Skip to main content Skip to secondary navigation
Main content start

Fuel consumption and emissions of medium- and heavy-duty vehicles

Inês Azevedo contributed to a new report on regulating emissions and fuel consumption of medium- and heavy-duty vehicles – a subset that contributes 22 percent of transportation energy use in the U.S.

Photo credit VanveenJFUnsplash

Tractor-trailers, buses, commercial trucks, and other heavy vehicles are significant contributors in the transportation sector to energy consumption and greenhouse gas (GHG) emissions, accounting for approximately 22 percent of energy use by U.S. transportation.

The fuel consumption of medium- and heavy-duty vehicles (MHDVs) has only recently begun to be regulated at the federal level. To provide periodic advice on establishing fuel economy metrics and standards that are appropriate, cost-effective, and technologically feasible for commercial MHDVs, the Energy Independence and Security Act of 2007 mandated a series of studies from the National Academies.

The newest report in this series addresses the technological and regulatory issues related to future regulations for MHDV fuel efficiency and GHG emissions.  It recommends the National Highway Traffic Safety Administration (NHTSA) and U.S. Environmental Protection Agency (EPA) conduct an interim evaluation of MHDV regulations in 2021-2022 to ensure and improve their effectiveness and value. This evaluation should address vehicle technologies, fuel mix, efficiency of the freight system, and future regulatory frameworks.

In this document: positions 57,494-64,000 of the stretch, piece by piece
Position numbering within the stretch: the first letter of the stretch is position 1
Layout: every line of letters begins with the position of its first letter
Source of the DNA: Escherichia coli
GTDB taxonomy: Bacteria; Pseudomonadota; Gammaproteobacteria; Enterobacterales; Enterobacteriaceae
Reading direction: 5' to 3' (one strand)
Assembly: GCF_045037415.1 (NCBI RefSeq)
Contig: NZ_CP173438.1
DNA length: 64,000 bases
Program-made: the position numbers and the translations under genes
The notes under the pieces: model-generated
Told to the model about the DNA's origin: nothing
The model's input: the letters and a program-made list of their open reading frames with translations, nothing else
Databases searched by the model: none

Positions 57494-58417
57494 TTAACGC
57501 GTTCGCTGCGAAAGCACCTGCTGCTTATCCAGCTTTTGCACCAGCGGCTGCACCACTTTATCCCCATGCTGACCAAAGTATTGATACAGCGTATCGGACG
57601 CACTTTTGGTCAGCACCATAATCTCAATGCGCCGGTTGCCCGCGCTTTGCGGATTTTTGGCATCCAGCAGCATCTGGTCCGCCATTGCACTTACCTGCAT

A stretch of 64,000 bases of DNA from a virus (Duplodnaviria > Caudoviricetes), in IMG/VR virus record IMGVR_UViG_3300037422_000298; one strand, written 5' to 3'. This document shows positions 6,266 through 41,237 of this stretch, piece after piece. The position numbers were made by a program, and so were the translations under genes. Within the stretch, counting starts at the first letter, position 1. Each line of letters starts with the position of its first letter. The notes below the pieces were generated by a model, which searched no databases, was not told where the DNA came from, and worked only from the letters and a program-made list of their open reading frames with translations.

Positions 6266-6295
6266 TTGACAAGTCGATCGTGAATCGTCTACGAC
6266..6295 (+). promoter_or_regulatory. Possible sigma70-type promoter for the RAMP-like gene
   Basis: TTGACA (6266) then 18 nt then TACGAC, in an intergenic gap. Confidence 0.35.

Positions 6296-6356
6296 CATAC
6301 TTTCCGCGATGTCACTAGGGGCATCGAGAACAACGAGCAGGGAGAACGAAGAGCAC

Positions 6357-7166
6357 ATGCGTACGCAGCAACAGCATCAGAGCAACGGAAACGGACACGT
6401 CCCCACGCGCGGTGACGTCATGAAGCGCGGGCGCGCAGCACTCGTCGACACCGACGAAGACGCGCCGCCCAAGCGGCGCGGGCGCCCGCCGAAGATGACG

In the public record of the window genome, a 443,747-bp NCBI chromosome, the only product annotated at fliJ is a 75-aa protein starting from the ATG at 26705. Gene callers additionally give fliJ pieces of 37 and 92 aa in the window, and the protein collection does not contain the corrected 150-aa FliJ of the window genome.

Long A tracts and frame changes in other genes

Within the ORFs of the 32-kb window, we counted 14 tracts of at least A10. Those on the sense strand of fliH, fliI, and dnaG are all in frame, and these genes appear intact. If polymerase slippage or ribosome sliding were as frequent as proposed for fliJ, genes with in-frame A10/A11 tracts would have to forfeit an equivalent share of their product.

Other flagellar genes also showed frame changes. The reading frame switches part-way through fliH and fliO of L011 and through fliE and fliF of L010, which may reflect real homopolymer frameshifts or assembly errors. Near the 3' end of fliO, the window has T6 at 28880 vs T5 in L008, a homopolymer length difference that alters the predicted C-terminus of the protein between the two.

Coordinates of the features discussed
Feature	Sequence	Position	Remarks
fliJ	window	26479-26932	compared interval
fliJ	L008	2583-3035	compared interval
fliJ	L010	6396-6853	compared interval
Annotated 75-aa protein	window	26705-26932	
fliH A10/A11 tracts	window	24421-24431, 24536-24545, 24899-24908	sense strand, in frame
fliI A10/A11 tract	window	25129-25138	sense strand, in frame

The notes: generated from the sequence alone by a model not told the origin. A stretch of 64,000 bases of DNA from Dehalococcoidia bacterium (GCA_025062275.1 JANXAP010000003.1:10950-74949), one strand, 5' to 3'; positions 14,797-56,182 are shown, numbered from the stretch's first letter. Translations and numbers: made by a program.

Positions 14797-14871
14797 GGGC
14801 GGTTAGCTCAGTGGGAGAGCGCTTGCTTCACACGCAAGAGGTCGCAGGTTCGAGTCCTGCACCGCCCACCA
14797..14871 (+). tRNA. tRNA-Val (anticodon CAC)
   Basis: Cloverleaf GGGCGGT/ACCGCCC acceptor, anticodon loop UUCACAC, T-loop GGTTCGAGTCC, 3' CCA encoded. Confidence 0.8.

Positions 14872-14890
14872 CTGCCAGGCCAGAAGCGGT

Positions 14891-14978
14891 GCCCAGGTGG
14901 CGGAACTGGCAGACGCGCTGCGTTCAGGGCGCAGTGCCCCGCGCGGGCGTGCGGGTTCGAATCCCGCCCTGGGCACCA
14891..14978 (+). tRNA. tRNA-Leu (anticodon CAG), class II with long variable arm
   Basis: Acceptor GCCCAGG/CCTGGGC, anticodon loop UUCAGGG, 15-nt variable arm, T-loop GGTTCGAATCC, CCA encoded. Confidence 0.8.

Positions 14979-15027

Industry, NHTSA, EPA, and other relevant agencies should promote the use of biodiesel and renewable diesel in MHDV engines, prioritize the development and application of additive manufacturing and other promising manufacturing innovations, improve freight movement efficiency, and collect real-world fuel consumption and GHG emissions data to establish a regulatory baseline – which is essential for evaluating the effectiveness of regulations and identifying future priorities, the report says.

"One key finding is on the importance of thinking about medium- and heavy-duty transportation systems, rather than just technologies," said associate professor of energy resources engineering Inês Azevedo, who contributed to several chapters in the report. "For example, if we were to think about natural gas medium- and heavy-duty vehicles, one would think that they could be a good way to reduce greenhouse gas emissions – but that's only the case if we can reduce the leakage rate from the natural gas system."

This new report is preceded by a 2014 report that provided guidance to NHTSA and EPA as they developed a “Phase II Rule” on fuel consumption and greenhouse gas emissions of MHDVs for the post-2018 time frame.

Azevedo is also a senior fellow at the Stanford Woods Institute for the Environment.

This story was adapted from a press release issued by the National Academies of Sciences, Engineering, and Medicine.

Untangling electric car policies

Aerial view of cars

A recent study analyzes federal and state policies on electric cars and reveals the peculiar relationship between the policies that leads to counterintuitive effects.

Media Contacts

National Academies' Office of News and Public Information


Explore More